A conversation in Presque Isle twelve months ago led to Nick Fitzpatrick and his dad Mike literally piecing together a soybean extruder operation in their Bangor Street shop and wondering at times what they had gotten themselves into. One of the reasons they decided to dive head first in this new venture was because there was a market already established by the seller of “the line” as Nick refers to it. He estimates that they spent about six weeks of straight work, including many evenings and Saturdays and Sundays, to get the line up and running and working the bugs out. It was a much bigger job than they had imagined but they were also committed to its success as they had orders for the soybean meal in the spring from farmers using it as fertilizer for their crops.
As part of the learning curve and being a farmer himself, Nick admitted to being quite concerned about the consistency of the meal in farmer’s planting equipment but reports back to him were positive and supportive of their product.
In their shop, the line is a series of four stations that begins with a hopper of soybeans filtering out through a barrel cleaner that effectively separates any small stones from the beans. From there the beans travel into an extruder which is a big chamber with an auger and steam lock system raising temperatures to 315 degrees F. The beans come out as mash and travel through a vented auger that slowly squeezes the hot mash and forces oil out where it settles into chambers. The oil is then pumped from these chambers into 260 gallon totes. The last step for the soybean meal is the drier which cools it down and fluffs it up to the desired texture. This last step is what gets used as animal feed or fertilizer. For now, the oil is primarily used as supplements to animal feed as it contains Omega-3 nutritional benefits. Nick and Mike have also had interest in producing food grade oil and that is something they will look at as their operation moves forward.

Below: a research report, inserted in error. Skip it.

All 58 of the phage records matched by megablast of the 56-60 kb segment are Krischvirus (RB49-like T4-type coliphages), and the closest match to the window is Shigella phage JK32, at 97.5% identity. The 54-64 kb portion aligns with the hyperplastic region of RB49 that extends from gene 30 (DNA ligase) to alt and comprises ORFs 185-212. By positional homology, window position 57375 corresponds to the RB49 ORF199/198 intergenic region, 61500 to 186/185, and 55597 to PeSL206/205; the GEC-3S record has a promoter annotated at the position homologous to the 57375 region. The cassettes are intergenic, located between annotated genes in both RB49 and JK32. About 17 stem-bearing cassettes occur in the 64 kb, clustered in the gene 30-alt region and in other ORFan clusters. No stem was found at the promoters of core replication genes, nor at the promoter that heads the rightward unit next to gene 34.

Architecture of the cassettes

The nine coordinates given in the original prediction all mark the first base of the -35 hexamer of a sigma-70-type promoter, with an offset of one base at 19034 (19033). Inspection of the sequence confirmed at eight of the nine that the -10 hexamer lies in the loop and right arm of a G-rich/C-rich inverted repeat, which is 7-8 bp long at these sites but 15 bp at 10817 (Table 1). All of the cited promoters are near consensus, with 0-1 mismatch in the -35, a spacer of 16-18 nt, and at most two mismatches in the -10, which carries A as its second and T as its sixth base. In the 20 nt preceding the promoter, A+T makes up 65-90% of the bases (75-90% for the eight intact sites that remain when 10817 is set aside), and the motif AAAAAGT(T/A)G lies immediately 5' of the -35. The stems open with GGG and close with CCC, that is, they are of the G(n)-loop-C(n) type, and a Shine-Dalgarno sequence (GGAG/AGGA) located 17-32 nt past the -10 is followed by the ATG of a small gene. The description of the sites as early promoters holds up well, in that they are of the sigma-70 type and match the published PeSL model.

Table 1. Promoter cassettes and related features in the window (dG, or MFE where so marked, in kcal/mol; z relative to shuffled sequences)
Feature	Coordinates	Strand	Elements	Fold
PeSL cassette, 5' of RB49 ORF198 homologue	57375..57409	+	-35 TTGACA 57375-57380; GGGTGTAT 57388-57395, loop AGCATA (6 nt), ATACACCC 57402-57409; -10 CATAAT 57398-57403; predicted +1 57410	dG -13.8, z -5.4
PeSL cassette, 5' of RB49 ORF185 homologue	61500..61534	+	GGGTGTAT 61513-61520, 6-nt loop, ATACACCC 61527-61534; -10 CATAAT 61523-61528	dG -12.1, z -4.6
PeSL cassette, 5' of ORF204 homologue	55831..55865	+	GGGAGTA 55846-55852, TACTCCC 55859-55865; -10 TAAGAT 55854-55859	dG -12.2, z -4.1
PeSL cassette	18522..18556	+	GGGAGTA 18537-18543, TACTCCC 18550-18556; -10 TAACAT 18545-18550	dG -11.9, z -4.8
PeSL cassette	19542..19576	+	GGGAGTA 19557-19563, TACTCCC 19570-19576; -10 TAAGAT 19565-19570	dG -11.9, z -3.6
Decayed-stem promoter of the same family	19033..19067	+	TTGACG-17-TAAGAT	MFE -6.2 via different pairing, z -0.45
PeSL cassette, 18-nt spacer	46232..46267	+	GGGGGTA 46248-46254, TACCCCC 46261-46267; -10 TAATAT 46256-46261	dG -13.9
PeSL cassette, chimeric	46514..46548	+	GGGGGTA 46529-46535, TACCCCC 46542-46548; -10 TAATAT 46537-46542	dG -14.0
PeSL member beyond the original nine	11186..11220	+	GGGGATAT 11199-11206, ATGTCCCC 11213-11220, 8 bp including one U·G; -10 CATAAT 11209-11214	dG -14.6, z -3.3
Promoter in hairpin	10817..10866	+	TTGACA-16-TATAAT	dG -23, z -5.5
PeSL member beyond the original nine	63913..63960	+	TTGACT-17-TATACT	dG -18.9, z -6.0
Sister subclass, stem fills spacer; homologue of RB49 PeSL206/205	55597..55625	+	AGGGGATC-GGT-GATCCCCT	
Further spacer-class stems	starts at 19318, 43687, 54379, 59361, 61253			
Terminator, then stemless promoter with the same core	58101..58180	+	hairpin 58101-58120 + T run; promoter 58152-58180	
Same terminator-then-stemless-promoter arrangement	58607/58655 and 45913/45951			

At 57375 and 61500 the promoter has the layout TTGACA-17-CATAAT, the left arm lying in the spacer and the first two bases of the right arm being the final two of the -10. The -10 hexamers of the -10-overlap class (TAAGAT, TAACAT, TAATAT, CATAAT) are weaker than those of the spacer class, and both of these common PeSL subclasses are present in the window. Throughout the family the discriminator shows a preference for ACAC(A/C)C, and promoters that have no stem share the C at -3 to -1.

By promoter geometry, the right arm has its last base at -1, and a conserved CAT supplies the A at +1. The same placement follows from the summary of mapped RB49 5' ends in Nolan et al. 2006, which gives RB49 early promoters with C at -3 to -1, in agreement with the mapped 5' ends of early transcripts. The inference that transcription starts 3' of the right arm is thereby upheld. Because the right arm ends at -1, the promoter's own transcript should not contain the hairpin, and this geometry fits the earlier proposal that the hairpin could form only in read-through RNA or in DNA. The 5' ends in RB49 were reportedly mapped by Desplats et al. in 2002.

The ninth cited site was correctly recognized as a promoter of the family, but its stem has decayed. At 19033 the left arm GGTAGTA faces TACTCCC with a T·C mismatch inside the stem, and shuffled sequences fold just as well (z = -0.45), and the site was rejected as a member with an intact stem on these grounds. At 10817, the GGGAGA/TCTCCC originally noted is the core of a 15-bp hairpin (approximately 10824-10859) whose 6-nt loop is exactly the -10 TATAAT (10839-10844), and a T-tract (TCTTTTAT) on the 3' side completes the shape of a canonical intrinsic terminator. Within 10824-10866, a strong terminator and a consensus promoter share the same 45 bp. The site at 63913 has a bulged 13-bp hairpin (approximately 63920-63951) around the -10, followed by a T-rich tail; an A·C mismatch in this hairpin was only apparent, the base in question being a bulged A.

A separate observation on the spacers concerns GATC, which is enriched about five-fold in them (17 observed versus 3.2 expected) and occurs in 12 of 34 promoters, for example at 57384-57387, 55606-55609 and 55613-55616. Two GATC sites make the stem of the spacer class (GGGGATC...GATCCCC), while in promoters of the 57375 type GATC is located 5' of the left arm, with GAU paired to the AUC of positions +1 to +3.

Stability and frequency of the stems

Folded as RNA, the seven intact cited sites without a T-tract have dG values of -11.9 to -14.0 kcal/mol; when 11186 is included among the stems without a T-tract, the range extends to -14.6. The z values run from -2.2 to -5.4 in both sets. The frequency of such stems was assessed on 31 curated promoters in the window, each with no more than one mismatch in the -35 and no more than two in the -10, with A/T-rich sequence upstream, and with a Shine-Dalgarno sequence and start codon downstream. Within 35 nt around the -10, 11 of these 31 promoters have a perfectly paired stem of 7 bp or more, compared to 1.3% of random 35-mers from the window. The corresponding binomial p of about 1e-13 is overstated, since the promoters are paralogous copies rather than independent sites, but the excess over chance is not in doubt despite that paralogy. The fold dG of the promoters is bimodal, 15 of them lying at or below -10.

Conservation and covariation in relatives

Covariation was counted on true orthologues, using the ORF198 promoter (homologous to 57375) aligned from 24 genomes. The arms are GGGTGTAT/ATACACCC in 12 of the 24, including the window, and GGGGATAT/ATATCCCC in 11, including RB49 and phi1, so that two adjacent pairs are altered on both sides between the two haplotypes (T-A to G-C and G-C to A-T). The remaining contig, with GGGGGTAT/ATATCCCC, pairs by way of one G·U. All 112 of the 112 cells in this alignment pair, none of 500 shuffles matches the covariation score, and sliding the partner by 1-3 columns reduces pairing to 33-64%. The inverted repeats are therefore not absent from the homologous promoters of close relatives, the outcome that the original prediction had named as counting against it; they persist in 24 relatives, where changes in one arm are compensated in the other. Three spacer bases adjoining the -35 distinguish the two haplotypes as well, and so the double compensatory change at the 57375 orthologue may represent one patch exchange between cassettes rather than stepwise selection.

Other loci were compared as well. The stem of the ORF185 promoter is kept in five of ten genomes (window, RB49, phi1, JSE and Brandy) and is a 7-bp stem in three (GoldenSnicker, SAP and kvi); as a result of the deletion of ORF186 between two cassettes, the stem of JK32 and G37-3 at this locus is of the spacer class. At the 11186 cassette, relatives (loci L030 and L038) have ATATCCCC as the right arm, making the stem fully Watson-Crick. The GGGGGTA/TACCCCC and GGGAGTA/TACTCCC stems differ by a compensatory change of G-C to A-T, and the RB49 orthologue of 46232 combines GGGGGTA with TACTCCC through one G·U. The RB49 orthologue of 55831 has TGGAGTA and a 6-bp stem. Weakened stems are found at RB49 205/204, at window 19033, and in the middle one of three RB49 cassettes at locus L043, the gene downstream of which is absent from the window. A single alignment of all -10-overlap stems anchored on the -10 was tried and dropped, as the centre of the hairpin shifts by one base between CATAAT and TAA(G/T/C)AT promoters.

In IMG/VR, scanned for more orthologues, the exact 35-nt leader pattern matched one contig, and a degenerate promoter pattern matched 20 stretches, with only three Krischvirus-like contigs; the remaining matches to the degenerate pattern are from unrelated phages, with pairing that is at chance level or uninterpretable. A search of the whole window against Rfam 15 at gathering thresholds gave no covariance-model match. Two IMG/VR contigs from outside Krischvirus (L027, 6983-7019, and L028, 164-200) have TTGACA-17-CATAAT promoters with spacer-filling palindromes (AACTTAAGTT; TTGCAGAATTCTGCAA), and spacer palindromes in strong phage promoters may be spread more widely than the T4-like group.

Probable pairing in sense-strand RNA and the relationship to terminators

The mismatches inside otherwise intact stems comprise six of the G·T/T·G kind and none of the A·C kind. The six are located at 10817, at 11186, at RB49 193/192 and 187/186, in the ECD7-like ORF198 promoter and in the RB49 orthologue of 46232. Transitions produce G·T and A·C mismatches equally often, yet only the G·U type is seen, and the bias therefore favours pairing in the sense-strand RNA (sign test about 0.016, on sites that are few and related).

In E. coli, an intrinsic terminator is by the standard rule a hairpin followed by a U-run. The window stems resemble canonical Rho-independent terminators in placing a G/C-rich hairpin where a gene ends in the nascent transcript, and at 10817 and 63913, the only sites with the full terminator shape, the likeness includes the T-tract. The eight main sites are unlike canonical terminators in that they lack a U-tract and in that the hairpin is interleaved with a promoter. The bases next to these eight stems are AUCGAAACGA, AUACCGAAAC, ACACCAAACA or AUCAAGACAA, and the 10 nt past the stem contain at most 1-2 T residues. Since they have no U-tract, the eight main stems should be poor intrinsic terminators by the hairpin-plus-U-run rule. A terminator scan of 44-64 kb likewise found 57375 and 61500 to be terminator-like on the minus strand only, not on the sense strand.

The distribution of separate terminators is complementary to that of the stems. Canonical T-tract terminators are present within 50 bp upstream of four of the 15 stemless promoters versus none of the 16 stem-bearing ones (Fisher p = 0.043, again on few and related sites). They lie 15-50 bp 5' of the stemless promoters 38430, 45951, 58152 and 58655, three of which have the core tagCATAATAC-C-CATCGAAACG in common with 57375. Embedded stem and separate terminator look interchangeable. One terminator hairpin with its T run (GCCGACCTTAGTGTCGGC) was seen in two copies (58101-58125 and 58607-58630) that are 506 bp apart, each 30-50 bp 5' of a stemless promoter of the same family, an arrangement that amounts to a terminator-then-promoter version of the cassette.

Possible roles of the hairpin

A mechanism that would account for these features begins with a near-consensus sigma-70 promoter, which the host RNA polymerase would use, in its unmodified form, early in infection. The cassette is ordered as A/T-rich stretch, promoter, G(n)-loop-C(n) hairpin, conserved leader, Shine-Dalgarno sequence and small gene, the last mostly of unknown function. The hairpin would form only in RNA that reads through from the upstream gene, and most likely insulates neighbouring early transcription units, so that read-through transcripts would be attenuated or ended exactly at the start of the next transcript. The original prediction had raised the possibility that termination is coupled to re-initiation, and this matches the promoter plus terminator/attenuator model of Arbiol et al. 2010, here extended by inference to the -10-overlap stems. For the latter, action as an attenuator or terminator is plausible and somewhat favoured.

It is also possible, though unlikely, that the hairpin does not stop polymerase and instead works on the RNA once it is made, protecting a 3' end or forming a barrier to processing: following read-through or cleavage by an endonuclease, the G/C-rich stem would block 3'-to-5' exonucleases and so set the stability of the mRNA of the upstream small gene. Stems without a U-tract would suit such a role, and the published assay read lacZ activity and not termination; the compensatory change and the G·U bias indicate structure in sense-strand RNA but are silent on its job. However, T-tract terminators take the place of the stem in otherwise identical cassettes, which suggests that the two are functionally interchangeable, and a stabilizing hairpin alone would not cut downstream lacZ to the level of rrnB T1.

One unique aspect of their extruder is that they get 90 percent of the oil out of the non-GMO soybeans versus 99 percent. The latter can be achieved only through a chemical process and they prefer to have a more natural extrusion and a product with a higher nutritional value.
Nick hopes to expand and open up more avenues for sales, such as producing food grade soybean oil and expanding the local market for animal feed. They also grew out some trial plots this year of flax and mustard and hope to expand that way as well. For now, Nick is just getting comfortable with the whole process and is happy that all is up and running.
When I asked if he had a particularly memorable story to share he just rolled his eyes and laughed, suggesting the stories were too numerable to relate. He merely said, “We were under the gun, but we got it done.”
For more information on soybean meal and oil, phone Nick at 538-6148.
Editor’s note: Angie Wotton loves her work as district manager for the Southern Aroostook Soil and Water Conservation District. She also raises pastured pork and vegetables with her husband on their small West Berry Farm in Hammond. She can be reached 532-9407 or via e-mail at angela.wotton@ me.nacdnet.net.